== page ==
Monthly Archives: May 2016

8 Best MMO Endgames That Start (Almost) Immediately

MMOs differ in a multitude of ways from their single player cousins. One could easily argue that the most prominent difference between MMOs and non-MMOs is the potential lifespan. Single player games will typically last somewhere in 15-80 hour range. On on the flip side, some people have been playing MMORPGs like Ultima Online for over 15 years. The content that keeps players hooked in MMOs is typically referred to as the endgame. This is where characters engage in PvE raids, PvP battlegrounds, crafting high end gear, or doing some other activity where the ‘real game’ begins.

typical MMO endgame raid screenshot

Typical MMO endgame raids take hours or days of playtime to reach

The problem with the MMO endgame is that getting to the ‘real game’ can be a huge chore, resulting in players that never see it at all. Additionally, many MMOs (MMORPGs especially) promise a virtual world to live in, but don’t actually pony up until grinding hours upon hours to get there. It’s like saying real life starts when you reach CEO. To counter this mentality, MMO Bro is highlighting 8 MMO endgames that start immediately.

Now, before beginning I want set some guidelines and expectations. Some of these online games involve a hefty learning curve. Some MMOs will offer immediate endgame for particular styles of play but not others. Veterans might even consider a number of these as MMOs without endgame content altogether. I’ll be taking all of this into account and ranking the games in order. The primary ranking is how soon a brand new player can participate in each of the game’s content segments where the largest mass of players are congregated. It is possible an MMO might score well in one content segment and poorly in another.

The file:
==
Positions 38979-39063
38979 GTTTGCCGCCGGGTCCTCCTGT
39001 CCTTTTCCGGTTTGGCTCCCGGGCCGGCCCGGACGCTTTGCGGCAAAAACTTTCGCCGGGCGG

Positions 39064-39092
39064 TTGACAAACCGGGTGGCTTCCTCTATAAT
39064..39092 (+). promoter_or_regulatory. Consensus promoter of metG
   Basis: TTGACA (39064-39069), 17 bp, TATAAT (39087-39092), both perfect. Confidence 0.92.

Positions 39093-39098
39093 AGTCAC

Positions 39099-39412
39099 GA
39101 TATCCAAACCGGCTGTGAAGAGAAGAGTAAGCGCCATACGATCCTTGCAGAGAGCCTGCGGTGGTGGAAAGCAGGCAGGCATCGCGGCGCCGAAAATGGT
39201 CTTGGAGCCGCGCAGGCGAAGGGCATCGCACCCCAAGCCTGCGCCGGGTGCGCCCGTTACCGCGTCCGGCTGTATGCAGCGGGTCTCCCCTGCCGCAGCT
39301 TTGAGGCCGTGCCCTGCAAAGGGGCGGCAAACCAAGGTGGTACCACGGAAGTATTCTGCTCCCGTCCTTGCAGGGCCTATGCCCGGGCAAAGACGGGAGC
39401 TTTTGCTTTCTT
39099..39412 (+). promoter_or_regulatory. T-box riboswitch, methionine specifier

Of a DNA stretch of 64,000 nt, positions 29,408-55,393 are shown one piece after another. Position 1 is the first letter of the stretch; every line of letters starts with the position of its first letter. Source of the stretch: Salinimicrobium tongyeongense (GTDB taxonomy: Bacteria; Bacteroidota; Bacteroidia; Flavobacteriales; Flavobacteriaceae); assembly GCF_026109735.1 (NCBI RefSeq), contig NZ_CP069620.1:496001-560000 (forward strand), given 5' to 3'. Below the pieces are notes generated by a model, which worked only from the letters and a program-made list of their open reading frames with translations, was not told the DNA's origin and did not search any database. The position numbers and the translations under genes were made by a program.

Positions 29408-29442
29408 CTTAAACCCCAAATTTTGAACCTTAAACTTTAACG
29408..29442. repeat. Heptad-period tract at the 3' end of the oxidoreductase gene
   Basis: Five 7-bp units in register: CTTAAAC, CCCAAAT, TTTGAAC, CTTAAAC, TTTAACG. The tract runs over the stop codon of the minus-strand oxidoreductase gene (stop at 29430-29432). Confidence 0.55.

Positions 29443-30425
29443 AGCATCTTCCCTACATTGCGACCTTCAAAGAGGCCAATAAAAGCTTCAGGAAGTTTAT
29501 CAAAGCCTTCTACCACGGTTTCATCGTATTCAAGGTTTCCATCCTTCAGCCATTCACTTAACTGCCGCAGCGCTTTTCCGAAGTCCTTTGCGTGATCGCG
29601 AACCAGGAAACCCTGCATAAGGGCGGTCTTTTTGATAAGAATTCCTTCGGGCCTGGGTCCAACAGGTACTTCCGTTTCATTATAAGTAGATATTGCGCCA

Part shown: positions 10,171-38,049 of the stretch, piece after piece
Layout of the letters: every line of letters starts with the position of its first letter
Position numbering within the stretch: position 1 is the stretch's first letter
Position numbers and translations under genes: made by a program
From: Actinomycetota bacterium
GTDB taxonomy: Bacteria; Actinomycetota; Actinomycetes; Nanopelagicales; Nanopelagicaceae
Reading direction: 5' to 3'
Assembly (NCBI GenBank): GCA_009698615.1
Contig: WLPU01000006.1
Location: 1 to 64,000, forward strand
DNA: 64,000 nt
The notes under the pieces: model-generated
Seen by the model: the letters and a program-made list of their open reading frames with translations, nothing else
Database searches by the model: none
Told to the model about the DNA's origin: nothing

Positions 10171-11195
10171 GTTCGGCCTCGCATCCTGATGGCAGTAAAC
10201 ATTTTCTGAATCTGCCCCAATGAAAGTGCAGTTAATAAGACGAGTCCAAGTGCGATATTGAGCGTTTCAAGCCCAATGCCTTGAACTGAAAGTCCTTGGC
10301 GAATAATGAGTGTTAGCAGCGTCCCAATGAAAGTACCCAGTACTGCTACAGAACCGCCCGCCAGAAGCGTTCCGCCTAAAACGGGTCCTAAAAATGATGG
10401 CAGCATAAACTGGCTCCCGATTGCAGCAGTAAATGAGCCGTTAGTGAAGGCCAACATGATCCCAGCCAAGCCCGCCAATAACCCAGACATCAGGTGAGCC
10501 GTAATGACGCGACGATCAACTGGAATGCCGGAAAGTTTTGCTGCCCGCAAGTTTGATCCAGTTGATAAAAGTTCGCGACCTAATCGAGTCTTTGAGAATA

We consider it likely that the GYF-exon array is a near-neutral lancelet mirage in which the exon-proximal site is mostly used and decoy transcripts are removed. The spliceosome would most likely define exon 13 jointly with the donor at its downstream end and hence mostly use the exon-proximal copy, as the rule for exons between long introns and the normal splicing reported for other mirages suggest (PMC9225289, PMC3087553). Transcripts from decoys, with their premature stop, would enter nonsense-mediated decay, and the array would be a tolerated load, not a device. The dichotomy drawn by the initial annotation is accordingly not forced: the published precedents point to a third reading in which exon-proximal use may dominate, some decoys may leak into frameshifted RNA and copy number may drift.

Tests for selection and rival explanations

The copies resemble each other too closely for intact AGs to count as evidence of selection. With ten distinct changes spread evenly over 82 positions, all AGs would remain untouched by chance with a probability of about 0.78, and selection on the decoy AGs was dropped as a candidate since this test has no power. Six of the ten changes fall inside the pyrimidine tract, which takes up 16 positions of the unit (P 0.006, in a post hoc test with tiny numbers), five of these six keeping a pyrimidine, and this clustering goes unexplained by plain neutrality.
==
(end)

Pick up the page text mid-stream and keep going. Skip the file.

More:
Now, let’s get this best of ‘immediate MMO endgames’ list started.

8. Planet Calypso (and Entropia Universe)

Planet Calypso MMO Endgame

Planet Calypso has its differences from Entropia Universe, but both are made by the same company and work in the same fashion.Their unique aspect is that currency is directly tied to real money. Thus, players can acquire real monetary value by playing and acquiring loot or even lose it through repairs, bad investments, and the like. With that said, it is extremely difficult to actually turn a profit in these games. I would argue though that the endgame for Planet Calypso is in trying to do just that.

Both Planet Calypso and Entropia boast lifelike player run economies. The value of goods will rise and fall as players adjust to ever changing market conditions. The value of hunting a particular mob or mining a particular resource will vary from from one day to the next. The value of these is not directly tied to the level or strength of the area they’re found within.